Socialism is the philosophy of failure

28 May 1948, Scottish Unionist Conference, Perth, Scotland 1

We are oppressed by a deadly fallacy. Socialism is the philosophy of failure, the creed of ignorance and the gospel of envy. Unless we free our country while time remains from the perverse doctrines of Socialism, there can be no hope for recovery. This island cannot maintain its population as a great power. The most energetic and the nimblest will emigrate, and we shall be left here with a board of state officials brooding over a vast mass of worried, hungry and broken human beings. Our place in the world will be lost forever, and not only our individual self-respect but our national independence will be gone. These hard-won privileges have been dear to us in the past. But all this structure of obstinacy and unwisdom erected for Party and not national aims must be viewed in the light of the supreme and dominating fact of our present position. The Socialist Government in London has become dependent upon the generosity of the capitalist system of the United States. We are not earning our own living or paying our way, nor do the Government hold out any prospect of our doing so in the immediate future. It is this terrible fact which glares upon us all. . . .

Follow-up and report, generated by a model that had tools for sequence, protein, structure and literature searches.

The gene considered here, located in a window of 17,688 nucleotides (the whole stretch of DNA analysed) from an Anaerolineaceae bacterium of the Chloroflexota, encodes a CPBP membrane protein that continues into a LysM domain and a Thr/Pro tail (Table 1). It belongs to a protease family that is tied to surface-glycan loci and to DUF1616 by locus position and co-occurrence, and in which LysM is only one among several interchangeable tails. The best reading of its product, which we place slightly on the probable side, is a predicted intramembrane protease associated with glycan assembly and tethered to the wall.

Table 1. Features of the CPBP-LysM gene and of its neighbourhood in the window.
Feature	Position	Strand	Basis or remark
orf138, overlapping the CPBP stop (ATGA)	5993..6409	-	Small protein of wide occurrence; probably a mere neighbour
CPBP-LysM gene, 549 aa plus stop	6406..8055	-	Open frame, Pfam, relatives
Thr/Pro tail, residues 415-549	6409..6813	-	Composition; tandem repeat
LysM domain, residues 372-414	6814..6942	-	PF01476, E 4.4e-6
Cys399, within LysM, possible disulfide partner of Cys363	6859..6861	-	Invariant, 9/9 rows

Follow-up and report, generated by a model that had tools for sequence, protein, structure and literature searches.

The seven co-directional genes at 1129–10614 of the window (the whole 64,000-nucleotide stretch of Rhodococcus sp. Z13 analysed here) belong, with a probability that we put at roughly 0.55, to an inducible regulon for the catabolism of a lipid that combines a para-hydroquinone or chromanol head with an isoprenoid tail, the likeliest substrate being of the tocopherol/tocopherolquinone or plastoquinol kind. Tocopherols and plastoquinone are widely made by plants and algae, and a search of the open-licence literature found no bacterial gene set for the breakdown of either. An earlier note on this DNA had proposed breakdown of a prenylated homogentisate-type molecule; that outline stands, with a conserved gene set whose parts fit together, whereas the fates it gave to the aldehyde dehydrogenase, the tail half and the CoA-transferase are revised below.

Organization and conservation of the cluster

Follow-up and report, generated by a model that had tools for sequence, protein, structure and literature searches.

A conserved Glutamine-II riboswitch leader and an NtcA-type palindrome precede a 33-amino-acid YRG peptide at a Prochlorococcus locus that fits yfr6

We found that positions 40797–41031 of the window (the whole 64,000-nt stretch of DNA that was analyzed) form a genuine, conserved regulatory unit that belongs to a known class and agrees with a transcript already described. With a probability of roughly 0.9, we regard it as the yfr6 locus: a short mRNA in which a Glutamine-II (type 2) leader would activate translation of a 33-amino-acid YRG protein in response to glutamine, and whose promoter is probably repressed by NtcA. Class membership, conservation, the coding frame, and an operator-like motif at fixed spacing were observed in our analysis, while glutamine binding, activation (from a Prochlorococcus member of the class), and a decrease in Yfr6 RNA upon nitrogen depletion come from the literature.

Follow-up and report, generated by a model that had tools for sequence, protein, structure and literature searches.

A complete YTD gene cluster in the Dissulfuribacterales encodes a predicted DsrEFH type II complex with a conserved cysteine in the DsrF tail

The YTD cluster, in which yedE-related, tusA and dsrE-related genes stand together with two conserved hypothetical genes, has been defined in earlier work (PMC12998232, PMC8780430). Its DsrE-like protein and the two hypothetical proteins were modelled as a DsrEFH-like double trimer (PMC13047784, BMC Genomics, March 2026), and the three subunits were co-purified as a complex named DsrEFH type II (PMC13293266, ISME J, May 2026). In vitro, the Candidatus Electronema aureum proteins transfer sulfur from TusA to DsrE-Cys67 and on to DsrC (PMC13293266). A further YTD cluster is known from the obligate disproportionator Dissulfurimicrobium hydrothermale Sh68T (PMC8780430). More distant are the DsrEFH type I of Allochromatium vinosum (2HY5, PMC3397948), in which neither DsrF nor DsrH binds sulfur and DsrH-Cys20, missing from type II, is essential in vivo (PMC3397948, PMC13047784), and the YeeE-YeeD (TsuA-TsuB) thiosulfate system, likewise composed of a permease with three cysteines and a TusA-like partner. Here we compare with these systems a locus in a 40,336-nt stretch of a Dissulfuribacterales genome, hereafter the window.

When I was here two years ago I got from the Scottish Unionist Association a pregnant phrase which struck me deeply: ‘a property-owning democracy.’ That is a broad and helpful theme for us to pursue. Owning one’s own house is not a crime. Saving up to secure and maintain independence is a virtue. Why should we not make it clear that not only houses built by private enterprise – when that is again allowed – may be purchased and obtained by instalments by their tenants who will become the owners of the freehold, but that also there should be a right to purchase council houses by instalments. Here is a positive step which should be taken. It will be most bitterly opposed by the Socialist Party who want everyone to be the tenants of the State.

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  1. Churchill here repeats the phrase ‘property-owning democracy’ – later to become a key tenet of Conservative Party philosophy – and follows this up by advocating the sale of council houses to their tenants. This ‘Right to Buy’ became a reality under Margaret Thatcher but, even in the twenty-first century, there are many in the ranks of the Labour Party who wish to deny it.